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Ken Honeywell

Ken Honeywell
Indianapolis, Indiana, USA
March 20
Well Done Marketing
I'm in love with my wife; a writer and producer living in Indianapolis; partner at Well Done Marketing; founder of Tonic Ball, a benefit concert that's become one of the city's favorite annual events; co-founder of Second Story, a creative writing program for kids; a vegetarian; lead singer of Yoko Moment; a life-long New York Mets fan; a sucker for waltz time; crazy about Pernice Brothers; etc.


JUNE 25, 2010 11:07AM

The Most Beautiful Paragraph In The English Language

Rate: 7 Flag

John Cheever, the Bard of Ossining 

On my other blog today, I answered a question from the lovely and talented rita shibr. The title of my post was (and still is): So It Was Cancer, Part 76: In Which A Reverse Cheever Is Dreamt. Rita wanted to know what I meant by "reverse Cheever."

I said that it was a play on a famous paragraph at the end of John Cheever's "Goodbye, My Brother." The story was published in The New Yorker on August 21, 1951. It's a classic. One of my favorite stories by one of my favorite authors.

I typed out the paragraph in my comment. But it occurred to me that too few people would experience it there. So...behold the greatness of John Cheever:

"Oh, what can you do with a man like that? What can you do? How can you dissuade his eye in a crowd from seeking out the cheek with acne, the infirm hand; how can you teach him to respond to the inestimable greatness of the race, the harsh surface beauty of life; how can you put his finger for him on the obdurate truths before which fear and horror are powerless? The sea that morning was iridescent and dark. My wife and my sister were swimming--Diana and Helen--and I saw their uncovered heads, black and gold in the dark water. I saw them come out and I saw that they were naked, unshy, beautiful, and full of grace, and I watched the naked women walk out of the sea."

Is it the greatest, most beautiful paragraph in English literature? I invite your nominations.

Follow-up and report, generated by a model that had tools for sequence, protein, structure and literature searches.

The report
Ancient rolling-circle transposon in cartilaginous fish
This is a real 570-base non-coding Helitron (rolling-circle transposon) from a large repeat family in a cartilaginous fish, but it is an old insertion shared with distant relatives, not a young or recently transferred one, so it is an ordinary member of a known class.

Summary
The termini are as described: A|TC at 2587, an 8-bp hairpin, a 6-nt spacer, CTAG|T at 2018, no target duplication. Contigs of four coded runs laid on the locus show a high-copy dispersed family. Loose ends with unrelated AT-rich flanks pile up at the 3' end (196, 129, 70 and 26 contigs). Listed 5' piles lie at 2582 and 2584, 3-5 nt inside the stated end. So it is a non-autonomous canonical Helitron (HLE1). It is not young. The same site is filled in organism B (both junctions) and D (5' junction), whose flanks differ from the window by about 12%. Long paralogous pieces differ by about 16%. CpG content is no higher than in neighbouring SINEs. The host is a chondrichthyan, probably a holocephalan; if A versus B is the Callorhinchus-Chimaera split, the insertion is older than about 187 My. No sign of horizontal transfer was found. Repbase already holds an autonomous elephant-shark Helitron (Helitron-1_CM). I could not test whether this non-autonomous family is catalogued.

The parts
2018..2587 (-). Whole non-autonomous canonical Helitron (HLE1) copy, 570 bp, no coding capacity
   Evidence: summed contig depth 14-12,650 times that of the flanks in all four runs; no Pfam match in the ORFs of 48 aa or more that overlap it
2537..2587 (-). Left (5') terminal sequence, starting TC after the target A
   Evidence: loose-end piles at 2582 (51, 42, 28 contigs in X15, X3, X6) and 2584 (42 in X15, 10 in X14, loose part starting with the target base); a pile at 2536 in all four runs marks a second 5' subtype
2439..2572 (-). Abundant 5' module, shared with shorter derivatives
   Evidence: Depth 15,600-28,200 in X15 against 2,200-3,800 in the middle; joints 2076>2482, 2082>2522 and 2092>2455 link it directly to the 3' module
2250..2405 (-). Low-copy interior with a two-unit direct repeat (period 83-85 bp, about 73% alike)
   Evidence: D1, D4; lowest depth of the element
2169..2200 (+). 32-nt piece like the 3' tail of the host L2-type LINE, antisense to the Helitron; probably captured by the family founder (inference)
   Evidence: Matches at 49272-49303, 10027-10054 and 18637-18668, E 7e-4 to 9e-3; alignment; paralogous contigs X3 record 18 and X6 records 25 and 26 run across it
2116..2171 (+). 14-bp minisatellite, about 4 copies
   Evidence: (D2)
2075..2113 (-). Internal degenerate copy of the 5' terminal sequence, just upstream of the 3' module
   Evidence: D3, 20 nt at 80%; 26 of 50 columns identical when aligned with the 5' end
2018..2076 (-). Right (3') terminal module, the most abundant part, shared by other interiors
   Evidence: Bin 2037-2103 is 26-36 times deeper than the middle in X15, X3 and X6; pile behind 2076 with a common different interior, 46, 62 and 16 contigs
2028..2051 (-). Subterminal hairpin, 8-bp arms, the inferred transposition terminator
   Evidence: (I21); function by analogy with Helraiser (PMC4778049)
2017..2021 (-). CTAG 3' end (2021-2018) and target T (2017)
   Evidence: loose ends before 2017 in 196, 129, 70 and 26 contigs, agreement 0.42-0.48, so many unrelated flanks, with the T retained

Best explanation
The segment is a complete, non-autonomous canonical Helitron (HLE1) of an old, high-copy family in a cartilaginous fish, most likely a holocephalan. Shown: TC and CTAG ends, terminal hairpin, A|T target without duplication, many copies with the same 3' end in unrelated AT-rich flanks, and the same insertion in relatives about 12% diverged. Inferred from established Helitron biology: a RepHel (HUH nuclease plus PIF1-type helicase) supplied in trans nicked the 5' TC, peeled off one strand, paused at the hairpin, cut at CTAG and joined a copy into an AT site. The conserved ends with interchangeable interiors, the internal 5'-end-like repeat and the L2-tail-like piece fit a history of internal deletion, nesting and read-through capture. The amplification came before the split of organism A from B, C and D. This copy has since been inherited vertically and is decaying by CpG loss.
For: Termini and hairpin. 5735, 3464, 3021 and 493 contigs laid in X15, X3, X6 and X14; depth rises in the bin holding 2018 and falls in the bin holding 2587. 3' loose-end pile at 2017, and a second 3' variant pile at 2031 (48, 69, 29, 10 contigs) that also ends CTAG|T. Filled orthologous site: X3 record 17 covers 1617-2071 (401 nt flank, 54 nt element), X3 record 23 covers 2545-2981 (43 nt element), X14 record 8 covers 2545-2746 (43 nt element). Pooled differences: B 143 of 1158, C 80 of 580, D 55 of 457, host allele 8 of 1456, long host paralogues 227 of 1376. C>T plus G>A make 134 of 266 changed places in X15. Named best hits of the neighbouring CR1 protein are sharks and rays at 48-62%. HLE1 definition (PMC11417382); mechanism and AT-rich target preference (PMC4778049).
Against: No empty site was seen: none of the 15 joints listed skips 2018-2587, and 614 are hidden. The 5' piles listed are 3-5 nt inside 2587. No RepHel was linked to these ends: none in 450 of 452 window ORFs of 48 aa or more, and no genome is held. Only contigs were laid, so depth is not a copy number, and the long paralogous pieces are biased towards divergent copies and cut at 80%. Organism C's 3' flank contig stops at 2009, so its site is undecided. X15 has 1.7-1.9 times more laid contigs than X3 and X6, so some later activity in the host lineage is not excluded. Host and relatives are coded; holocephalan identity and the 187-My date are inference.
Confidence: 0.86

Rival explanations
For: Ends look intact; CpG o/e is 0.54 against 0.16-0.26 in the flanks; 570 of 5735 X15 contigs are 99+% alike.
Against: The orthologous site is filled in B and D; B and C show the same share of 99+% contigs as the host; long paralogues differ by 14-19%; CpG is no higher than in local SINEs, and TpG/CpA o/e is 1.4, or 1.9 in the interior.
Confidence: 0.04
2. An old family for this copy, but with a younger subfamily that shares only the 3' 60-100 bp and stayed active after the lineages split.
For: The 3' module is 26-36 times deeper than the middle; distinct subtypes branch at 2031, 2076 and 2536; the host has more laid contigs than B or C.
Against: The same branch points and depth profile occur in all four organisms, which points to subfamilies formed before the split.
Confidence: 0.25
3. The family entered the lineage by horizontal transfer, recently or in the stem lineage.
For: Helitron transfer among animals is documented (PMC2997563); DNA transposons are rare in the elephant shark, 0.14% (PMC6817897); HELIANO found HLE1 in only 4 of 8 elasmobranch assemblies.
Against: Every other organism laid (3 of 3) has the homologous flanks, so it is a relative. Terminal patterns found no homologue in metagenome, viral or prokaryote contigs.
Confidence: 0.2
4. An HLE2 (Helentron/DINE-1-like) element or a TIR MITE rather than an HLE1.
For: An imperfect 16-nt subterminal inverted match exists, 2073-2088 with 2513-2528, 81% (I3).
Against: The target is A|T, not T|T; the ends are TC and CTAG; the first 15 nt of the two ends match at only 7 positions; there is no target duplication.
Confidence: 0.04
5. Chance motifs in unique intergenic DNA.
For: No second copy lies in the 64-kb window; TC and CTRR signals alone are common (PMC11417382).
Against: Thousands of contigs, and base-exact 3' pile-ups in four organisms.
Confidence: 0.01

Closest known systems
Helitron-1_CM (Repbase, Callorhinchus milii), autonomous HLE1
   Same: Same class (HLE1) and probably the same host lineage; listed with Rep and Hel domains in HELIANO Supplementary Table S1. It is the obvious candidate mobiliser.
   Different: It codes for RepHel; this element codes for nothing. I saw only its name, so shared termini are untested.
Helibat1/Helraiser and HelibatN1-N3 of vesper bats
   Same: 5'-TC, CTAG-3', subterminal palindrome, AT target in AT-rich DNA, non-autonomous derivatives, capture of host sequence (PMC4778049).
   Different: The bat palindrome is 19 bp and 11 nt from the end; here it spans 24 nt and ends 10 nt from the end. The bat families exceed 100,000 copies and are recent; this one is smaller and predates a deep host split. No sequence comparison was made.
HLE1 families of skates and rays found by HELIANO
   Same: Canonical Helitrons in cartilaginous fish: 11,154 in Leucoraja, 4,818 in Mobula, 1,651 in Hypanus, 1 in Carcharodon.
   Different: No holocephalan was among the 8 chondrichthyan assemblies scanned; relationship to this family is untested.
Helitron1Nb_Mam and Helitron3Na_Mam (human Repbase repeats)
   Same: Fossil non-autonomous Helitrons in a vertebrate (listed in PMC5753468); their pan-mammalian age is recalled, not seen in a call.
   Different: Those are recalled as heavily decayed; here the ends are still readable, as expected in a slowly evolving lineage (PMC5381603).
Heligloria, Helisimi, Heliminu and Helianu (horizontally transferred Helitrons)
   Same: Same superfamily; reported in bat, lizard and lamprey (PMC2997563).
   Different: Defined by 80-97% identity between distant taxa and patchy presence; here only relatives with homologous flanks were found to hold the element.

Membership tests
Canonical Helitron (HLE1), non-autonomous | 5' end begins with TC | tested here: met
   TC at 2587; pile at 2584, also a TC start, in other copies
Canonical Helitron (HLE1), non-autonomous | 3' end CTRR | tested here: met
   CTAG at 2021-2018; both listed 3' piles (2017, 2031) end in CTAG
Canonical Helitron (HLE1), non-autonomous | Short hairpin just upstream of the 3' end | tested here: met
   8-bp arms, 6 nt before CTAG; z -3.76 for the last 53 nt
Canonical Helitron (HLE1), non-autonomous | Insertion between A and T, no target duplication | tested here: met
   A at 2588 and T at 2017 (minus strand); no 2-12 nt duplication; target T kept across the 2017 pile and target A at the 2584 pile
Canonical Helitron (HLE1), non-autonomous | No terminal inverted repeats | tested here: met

Or you can just save yourself the trouble and concur. 

Picture nicked from this most excellent blog

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Well, I wondered the same thing as rita. so, I'm glad she asked. Now I know. don't know that I'm knowledgeable enough to concur but now I am that much more knowledgeable now. Thanks Ken
I'll just concur, as well . . . and thank you for bringing that paragraph to our attention!
Hey, all. Over at Facebook, my friend Lou Perry nominates the last paragraph of James Joyce's "The Dead":

"A few light taps upon the pane made him turn to the window. It had begun to snow again. He watched sleepily the flakes, silver and dark, falling obliquely against the lamplight. The time had come for him to set out on his journey westward. Yes, the newspapers were right: snow was general all over Ireland. It was falling on every part of the dark central plain, on the treeless hills, on the Bog of Allen and, farther westward, softly falling into the dark mutinous Shannon waves. It was falling, too, upon every part of the lonely churchyard on the hill where Michael Furey lay buried. It lay thickly drifted on the crooked crosses and headstones, on the spears of the little gate, on the barren thorns. His soul swooned slowly as he heard the snow falling faintly through the universe and faintly falling, like the descent of their last end, upon all the living and the dead."

Hmm. Frank Indiana does like his Michael Furey...
A nomination from my friend Liz Joss: Gabriel Garcia Marquez, from "A Very Old Man With Enormous Wings":

"On the third day of rain they had killed so many crabs inside the house that Pelayo had to cross his drenched courtyard and throw them into the sea, because the newborn child had a temperature all night and they thought it was due to the stench. The world had been sad since Tuesday. Sea and sky were a single ash-gray thing and the sands of the beach, which on March nights glimmered like powdered light, had become a stew of mud and rotten shellfish. The light was so weak at noon that when Pelayo was coming back to the house after throwing away the crabs, it was hard for him to see what it was that was moving and groaning in the rear of the courtyard. He had to go very close to see that it was an old man, a very old man, lying face down in the mud, who, in spite of his tremendous efforts, couldn't get up, impeded by his enormous wings."

Yes, it was written in Spanish. I'm allowing it. Game on.